Dismiss Notice
Join Physics Forums Today!
The friendliest, high quality science and math community on the planet! Everyone who loves science is here!

Discrete mathematics, bijections between disjoint unions

  1. Oct 24, 2012 #1
    Hi,
    So I am trying to show the following:
    ##(A \cup B)\sqcup(A \cap B) \leftrightarrow A \sqcup B##

    The proof that I am trying to understand starts with:
    ##A \leftrightarrow (A \backslash B) \sqcup (A\cup B) \qquad (1)##,
    and
    ##A \cup B \leftrightarrow (A\backslash B)\sqcup B \qquad (2)##

    These two both make sense, in the first one we see that ##(A \backslash B) ## with ## (A\cup B)## is a partition of A, and thus there are bijections from ##(A \backslash B) ## to ## \{ (x,0) : x \in (A \backslash B) \}## and from ##A \cap B## to ##\{ (y,1) : y \in A \cap B \}##, and the same argument for ##(2)##

    The next step in the proof says that:
    ##(A \cup B)\sqcup(A \cap B) \leftrightarrow (A\backslash B)\sqcup B \sqcup (A \cap B) ## which (apparently) follows from ##(2)##
    and then, ##(1)## apparently means that
    ##(A\backslash B)\sqcup B \sqcup (A \cap B) \leftrightarrow A \sqcup B## which proves it.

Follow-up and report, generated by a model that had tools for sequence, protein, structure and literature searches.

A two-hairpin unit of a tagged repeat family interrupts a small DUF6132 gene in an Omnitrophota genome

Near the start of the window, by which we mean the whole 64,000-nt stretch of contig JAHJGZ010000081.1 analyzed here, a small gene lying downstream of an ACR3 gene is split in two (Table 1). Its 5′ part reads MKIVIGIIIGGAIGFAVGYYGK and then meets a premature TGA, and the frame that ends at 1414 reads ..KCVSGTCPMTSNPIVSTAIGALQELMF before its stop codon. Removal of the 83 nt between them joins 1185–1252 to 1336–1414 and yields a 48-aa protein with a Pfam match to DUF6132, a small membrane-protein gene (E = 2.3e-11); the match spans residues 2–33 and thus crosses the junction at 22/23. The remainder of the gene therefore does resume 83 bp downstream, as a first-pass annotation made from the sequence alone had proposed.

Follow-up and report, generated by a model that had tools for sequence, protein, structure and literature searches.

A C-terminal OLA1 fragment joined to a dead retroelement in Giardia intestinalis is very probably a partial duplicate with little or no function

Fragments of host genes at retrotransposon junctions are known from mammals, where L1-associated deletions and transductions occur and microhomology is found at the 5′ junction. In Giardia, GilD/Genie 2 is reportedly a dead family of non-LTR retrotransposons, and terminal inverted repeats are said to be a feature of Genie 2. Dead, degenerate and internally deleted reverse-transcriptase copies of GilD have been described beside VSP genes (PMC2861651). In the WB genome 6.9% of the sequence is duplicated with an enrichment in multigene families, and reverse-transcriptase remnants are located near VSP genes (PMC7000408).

But I don't understand how ##(1)## and ##(2)## helps us in these steps, can you just exchange terms like that? Anyone care to explain? Thanks..
     
    Last edited: Oct 24, 2012
  2. jcsd
  3. Oct 25, 2012 #2
    What the"##\sqcup##" stand for??
     
  4. Oct 25, 2012 #3
    ##A \sqcup B## is the disjoint union of ##A## and ##B##, defined by:
    ##A \sqcup B = \{(x,0):x \in A \} \cup \{(y,1):y \in B \}##
     
  5. Oct 25, 2012 #4

    Erland

    User Avatar
    Science Advisor

    And ##\leftrightarrow## ? Does that simlpy mean equality (=) here?
     
  6. Oct 25, 2012 #5
    I thought this was standard notation in (discrete) mathematics, but anyway,
    ##A \leftrightarrow B## means that there exists a bijection between ##A## and ##B##.
     
  7. Oct 26, 2012 #6
    So there is not a single person on the board who knows about this? It is from a first course in discrete mathematics for 2nd year students.
     
  8. Oct 26, 2012 #7
    I can't get your example to work when using this definition. I don't get it at all.
     
  9. Oct 26, 2012 #8
Know someone interested in this topic? Share this thread via Reddit, Google+, Twitter, or Facebook




Similar Discussions: Discrete mathematics, bijections between disjoint unions
Loading...